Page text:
British ambulances in the Franco-Prussian War

British ambulance stores at Metz during the war[1]

Though the United Kingdom remained neutral during the Franco-Prussian War of 1870–71, it provided ambulances and other medical assistance to both combatants and the civilians affected by the war. The term "ambulance" at this time denoted a medical organisation that provided field hospitals, transport and surgical operations, not the more limited modern use. The British public donated more than £300,000 to provide medical assistance during the war. The ambulances, together with those of other neutral organisations, proved very effective at treating casualties, and following the war all major powers took steps to implement similar arrangements for future wars.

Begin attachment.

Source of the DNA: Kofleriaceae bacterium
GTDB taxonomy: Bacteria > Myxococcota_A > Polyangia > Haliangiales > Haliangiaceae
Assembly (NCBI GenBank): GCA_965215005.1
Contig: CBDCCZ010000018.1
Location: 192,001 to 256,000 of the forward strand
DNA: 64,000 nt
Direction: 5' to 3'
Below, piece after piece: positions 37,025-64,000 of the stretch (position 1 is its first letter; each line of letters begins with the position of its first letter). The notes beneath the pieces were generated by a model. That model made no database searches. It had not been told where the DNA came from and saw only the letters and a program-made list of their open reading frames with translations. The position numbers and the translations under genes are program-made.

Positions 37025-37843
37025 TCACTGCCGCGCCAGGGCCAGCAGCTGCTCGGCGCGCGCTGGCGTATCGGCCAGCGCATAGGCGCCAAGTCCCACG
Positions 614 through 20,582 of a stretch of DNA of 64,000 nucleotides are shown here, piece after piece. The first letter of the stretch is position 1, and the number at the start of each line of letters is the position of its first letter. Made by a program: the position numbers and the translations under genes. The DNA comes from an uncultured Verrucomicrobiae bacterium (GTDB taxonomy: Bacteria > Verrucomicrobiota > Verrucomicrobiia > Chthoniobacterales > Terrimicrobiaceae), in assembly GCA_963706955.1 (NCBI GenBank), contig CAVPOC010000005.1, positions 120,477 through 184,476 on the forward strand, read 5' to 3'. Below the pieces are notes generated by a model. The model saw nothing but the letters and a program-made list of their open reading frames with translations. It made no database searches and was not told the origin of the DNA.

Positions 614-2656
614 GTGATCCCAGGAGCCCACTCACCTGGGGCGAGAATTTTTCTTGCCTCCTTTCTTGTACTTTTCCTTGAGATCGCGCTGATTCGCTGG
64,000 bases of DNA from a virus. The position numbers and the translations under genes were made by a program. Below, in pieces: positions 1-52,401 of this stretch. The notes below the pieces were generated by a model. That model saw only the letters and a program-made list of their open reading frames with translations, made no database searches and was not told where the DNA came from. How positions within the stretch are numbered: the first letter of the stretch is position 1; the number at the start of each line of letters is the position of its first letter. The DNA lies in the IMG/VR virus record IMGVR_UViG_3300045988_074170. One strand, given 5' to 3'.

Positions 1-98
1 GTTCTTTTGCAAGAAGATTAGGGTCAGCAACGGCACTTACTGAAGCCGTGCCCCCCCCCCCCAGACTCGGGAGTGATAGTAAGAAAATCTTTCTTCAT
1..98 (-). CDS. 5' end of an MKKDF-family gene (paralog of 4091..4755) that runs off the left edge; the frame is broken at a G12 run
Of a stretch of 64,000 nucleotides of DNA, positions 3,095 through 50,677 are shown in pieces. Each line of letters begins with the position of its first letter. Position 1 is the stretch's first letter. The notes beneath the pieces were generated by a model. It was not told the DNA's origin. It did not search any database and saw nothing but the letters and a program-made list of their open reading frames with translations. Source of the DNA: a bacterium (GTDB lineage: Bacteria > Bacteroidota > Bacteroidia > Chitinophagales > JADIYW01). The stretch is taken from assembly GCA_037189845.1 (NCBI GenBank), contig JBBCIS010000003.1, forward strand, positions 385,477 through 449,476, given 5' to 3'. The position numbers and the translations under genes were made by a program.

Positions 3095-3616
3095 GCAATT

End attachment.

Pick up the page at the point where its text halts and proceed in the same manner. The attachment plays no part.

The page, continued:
The United Kingdom was neutral during the Franco-Prussian War, but numerous organisations were formed to provide medical assistance to one side or both during the war. More than £300,000 of donations was made by the British public to provide for medical services during the course of the war.[2] Much of the funding went to "ambulances", a term that at the time referred to an organisation providing large-scale medical facilities including transport, field hospitals and surgical facilities rather than the more limited usage of today.[3] Many of the ambulances were staffed by doctors on leave from the British Army with medical students from other nations serving on an ad-hoc basis.[4]

A number of other neutral nations formed their own ambulances to provide medical assistance during the war including the Netherlands, Italy, Austria and Belgium.[4] By the war's end, it had become clear that ambulances and formal medical provision were a key requirement of warfare of the time. All of the major powers subsequently made efforts to establish permanent organised ambulance services for the transport and treatment of their wounded during wartime.[5]

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